Toshiba flags huge H1 operating loss after accounting scandal

  • Toshiba to announce first-half results on Saturday
  • Company says loss "roughly as reported" by media
  • Nikkei reported six-month operating loss of 90 bln yen

TOKYO: Japan's Toshiba Corp signalled on Thursday that it expects to book a large first-half operating loss as it struggles to recover from a $1.3 billion accounting scandal, fueling concerns that it may need a more drastic restructuring.

The grim outlook also adds pressure on the embattled electronics maker to decide whether to sue former management for negligence over accounting practices in a bid to avoid lawsuits from angry shareholders.

Toshiba said its operating loss would be roughly in line with the 90 billion yen ($741.11 million) loss the Nikkei business daily said it would book in a report earlier on Thursday, and that it planned a 70 billion yen writedown for one of its subsidiaries. It will release detailed first-half results on Saturday.

Toshiba shares closed down 3.4 percent, compared with a 1.0 percent gain in the benchmark Nikkei index.

In an effort to emerge from the scandal, the laptops-to-nuclear power conglomerate said in late October that it had agreed to sell its image sensor business to Sony Corp and overhaul its semiconductor business.

But Toshiba has a long road ahead as its accounting irregularities padded profits across a wide range of its businesses. It is expected to announce more restructuring steps, in such unprofitable areas as home appliances and personal computers, later this month.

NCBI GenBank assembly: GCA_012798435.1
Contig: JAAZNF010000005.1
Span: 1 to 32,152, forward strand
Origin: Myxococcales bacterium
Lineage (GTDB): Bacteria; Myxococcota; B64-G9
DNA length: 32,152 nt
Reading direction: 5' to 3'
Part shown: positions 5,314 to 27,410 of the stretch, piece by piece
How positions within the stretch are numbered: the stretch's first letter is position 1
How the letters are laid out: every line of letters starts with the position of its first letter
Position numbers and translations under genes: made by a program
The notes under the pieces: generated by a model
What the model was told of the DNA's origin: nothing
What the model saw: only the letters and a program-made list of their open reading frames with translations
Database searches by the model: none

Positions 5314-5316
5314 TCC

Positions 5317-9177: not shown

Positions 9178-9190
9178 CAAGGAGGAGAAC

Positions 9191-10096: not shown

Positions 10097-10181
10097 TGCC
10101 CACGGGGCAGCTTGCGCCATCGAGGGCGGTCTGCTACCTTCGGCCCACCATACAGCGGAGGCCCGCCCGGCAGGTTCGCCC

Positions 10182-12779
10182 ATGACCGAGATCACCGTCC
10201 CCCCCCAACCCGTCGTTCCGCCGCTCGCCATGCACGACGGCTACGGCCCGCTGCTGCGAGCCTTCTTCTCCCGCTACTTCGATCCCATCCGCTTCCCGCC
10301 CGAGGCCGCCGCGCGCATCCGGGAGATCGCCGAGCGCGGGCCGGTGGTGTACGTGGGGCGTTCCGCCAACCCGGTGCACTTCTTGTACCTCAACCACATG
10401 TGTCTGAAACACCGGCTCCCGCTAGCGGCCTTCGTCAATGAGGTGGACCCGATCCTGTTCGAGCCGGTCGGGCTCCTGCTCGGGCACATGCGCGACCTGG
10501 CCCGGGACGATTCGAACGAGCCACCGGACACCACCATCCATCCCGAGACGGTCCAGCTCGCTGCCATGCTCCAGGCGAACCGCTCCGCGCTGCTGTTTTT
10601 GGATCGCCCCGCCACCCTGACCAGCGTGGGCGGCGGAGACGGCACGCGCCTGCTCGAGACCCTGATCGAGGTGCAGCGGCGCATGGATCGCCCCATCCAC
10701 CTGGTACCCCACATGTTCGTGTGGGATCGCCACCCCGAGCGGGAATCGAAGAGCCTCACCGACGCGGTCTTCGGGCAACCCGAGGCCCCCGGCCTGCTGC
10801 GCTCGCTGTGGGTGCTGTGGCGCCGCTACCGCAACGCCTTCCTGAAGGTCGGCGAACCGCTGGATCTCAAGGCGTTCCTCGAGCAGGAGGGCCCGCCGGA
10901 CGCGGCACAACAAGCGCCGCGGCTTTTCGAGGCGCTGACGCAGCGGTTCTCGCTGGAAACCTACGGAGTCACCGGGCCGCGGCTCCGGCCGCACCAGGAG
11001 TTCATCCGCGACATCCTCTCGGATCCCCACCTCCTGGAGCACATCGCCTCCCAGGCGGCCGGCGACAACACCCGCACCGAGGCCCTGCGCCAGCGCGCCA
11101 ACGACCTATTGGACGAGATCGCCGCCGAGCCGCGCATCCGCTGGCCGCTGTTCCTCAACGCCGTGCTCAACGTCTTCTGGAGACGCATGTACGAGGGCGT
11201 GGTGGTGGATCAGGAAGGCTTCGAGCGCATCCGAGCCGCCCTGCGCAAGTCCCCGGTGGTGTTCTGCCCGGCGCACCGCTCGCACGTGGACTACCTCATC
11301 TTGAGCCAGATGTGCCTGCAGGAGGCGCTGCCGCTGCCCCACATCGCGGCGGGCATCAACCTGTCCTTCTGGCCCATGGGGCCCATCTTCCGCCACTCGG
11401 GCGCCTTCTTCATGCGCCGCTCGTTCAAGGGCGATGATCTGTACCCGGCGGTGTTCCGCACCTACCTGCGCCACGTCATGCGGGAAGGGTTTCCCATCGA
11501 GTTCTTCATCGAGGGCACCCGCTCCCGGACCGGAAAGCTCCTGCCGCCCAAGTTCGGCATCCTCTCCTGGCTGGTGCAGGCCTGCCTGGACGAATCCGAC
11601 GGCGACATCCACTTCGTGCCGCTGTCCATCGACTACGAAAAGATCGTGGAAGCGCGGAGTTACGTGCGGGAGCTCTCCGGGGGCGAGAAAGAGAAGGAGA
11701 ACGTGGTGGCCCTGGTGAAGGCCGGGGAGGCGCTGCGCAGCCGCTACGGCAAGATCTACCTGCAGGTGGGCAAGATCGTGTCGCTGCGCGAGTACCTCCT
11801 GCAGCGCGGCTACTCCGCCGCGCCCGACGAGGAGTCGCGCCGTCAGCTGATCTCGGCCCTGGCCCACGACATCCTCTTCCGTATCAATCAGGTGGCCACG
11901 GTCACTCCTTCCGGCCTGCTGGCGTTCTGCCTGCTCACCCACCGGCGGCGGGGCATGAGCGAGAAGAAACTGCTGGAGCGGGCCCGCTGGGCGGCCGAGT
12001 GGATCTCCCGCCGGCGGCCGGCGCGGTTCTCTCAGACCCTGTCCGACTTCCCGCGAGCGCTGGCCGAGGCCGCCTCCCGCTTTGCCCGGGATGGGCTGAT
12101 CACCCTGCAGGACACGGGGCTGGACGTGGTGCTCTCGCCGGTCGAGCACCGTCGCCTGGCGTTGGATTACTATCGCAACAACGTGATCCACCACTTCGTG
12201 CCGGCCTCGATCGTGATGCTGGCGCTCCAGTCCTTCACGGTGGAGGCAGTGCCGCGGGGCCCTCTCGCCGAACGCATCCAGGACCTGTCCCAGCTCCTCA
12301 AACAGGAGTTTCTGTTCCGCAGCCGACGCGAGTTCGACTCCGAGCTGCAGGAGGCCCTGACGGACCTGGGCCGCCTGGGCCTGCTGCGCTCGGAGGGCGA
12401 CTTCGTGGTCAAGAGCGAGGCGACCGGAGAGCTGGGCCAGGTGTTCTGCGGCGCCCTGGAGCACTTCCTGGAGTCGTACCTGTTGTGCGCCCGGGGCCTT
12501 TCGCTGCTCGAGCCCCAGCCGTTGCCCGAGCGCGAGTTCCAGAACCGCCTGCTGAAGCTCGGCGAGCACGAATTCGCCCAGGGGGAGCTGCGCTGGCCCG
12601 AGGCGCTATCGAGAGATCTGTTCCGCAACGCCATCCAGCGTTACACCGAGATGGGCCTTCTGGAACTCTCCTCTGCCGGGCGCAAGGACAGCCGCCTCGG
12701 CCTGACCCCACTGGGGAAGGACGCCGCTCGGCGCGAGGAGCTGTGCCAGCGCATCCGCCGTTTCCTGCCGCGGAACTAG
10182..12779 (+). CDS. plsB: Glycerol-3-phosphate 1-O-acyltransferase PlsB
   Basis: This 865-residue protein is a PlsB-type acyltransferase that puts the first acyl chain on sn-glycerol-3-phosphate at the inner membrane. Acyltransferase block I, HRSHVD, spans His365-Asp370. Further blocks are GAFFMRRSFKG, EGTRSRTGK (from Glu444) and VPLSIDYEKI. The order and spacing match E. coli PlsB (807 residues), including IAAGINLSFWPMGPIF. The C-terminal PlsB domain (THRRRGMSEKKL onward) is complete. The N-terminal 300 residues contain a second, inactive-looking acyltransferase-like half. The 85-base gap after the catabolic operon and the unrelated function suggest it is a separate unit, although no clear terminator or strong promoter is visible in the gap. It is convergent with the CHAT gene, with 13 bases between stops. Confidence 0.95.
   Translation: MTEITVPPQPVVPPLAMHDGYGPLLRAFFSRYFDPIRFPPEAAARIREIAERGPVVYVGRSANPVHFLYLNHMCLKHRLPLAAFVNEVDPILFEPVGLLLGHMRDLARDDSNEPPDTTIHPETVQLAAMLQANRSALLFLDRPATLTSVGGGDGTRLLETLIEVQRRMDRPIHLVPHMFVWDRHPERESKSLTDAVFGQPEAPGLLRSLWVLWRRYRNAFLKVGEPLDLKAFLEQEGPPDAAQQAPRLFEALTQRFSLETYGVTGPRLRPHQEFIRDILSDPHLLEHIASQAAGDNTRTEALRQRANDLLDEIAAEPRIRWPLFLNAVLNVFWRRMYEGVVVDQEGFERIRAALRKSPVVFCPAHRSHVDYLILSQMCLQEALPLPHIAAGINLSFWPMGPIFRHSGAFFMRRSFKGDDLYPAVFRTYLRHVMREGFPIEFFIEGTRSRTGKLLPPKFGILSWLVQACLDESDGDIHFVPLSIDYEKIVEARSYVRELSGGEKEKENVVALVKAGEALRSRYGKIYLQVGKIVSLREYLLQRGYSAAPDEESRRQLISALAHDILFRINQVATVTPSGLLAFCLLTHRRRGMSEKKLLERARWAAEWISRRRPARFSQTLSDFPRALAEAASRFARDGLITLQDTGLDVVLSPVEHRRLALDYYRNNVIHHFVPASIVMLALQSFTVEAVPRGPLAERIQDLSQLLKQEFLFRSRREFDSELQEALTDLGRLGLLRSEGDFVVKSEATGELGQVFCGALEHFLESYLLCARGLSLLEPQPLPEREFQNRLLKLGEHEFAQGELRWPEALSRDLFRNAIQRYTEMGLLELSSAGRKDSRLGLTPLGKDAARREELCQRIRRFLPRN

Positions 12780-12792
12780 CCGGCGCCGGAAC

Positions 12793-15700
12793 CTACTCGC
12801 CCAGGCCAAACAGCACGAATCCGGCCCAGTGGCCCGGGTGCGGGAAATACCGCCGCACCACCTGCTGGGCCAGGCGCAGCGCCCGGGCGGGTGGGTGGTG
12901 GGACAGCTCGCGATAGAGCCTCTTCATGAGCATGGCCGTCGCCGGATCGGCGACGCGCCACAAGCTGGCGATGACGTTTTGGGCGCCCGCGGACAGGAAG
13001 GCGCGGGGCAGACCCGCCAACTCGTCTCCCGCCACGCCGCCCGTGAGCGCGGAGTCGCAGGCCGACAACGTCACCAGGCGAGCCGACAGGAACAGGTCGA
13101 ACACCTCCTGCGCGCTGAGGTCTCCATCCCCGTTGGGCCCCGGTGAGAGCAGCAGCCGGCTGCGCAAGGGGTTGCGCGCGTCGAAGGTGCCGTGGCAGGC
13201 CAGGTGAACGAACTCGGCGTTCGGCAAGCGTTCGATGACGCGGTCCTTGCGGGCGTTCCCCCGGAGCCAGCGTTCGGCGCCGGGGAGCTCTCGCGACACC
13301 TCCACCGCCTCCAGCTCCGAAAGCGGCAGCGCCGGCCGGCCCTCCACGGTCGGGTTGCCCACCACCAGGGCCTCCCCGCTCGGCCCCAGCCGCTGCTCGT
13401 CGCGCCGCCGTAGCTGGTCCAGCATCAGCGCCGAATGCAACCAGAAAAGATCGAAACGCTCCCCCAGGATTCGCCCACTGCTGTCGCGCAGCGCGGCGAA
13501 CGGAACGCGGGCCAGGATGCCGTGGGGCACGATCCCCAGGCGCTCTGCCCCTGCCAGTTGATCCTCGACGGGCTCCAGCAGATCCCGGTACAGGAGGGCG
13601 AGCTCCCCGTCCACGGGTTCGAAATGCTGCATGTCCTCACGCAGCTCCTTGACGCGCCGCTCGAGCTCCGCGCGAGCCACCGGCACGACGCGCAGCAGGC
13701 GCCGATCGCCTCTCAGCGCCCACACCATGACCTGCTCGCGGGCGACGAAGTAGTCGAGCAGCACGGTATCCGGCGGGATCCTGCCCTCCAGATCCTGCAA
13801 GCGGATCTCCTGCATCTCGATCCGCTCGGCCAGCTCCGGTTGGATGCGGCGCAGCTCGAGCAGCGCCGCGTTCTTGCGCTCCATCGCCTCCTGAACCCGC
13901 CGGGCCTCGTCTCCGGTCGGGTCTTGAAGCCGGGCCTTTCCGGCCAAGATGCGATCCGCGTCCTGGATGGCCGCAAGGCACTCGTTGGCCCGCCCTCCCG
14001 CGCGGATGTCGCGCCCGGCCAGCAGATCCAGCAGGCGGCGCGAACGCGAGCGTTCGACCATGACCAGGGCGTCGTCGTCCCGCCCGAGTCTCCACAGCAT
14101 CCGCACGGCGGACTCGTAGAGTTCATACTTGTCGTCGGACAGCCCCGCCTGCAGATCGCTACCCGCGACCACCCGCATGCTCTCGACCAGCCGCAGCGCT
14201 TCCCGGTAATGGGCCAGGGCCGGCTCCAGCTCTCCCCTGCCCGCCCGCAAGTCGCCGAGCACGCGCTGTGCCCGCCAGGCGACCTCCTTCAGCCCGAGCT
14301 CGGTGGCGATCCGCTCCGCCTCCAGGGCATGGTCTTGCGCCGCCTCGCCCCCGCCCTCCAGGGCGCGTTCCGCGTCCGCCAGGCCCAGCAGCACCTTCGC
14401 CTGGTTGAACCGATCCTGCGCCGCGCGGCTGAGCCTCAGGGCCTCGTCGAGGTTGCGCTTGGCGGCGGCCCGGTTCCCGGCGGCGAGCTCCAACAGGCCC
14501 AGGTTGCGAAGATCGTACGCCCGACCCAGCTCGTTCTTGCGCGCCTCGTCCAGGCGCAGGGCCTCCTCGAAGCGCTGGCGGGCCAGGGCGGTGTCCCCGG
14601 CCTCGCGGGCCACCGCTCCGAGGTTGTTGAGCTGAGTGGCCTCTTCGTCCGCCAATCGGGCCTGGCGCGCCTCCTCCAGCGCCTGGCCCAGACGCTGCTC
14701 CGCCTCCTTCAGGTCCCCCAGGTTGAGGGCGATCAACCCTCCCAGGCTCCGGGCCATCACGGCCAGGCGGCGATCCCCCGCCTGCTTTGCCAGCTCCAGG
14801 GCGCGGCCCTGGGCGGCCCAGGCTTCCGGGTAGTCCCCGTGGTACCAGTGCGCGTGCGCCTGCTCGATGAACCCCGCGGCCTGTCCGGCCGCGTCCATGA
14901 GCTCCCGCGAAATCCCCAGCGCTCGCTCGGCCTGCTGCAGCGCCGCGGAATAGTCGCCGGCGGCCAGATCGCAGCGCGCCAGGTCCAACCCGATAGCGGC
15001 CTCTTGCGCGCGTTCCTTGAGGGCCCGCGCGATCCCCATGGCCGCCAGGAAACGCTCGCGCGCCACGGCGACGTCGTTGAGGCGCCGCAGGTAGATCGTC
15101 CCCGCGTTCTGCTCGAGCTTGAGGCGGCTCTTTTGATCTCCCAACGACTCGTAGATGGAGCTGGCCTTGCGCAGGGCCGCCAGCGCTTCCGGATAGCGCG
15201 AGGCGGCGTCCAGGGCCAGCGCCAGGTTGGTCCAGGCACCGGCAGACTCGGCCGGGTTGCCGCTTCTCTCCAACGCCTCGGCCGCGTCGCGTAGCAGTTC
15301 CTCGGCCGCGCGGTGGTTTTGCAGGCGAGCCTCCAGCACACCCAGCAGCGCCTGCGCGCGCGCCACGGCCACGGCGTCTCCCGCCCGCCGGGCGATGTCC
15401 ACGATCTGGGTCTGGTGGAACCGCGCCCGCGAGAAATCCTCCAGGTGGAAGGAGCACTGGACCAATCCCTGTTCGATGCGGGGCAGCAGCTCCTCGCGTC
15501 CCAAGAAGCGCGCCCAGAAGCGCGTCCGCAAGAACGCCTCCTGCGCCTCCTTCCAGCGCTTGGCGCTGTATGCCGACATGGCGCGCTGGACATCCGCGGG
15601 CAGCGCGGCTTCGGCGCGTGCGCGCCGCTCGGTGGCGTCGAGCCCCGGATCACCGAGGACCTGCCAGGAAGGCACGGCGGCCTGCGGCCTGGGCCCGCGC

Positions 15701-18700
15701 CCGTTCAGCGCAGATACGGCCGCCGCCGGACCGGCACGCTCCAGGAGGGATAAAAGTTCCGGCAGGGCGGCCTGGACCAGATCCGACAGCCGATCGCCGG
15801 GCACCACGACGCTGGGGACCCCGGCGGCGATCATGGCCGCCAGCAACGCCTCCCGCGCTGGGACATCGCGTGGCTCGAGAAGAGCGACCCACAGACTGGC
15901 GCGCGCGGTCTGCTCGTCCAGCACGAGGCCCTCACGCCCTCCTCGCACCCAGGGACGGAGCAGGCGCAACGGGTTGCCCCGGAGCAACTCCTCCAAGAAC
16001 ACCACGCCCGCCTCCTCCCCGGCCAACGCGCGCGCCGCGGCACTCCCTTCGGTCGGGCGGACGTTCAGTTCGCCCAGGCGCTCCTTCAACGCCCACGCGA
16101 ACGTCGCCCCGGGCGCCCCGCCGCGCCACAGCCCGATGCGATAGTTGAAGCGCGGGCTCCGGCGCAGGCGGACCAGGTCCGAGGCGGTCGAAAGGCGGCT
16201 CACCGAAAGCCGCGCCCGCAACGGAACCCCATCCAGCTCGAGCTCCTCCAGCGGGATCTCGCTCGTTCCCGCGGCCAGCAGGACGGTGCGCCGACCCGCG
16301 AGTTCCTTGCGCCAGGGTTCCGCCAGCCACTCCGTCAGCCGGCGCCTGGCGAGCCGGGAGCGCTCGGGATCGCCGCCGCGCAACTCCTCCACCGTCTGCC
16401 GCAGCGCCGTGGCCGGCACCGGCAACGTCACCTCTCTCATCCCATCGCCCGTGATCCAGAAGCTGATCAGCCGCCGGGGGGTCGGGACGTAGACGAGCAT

Sources close to the matter have said Toshiba is also considering suing former executives, including three former chief executives, over the accounting practices.

An independent panel investigating the former executives' role, if any, in the scandal is expected to make recommendations as early as next week.

It is rare for Japanese companies to sue former executives unless they are deemed to have been acting for personal greed.

"Lawsuits against former executives are expected to increase as Japan pushes companies to strengthen corporate governance," Kengo Nishiyama, senior strategist at Nomura Securities Co, said.

"Tougher action will be increasingly called upon when decisions by former executives are found to hurt their companies."

Concerns about Japanese bookkeeping practices deepened on Wednesday when automotive parts maker Akebono Brake Industry Co said it discovered a case of inappropriate accounting and delayed the filing of its quarterly results.

($1 = 121.4400 yen)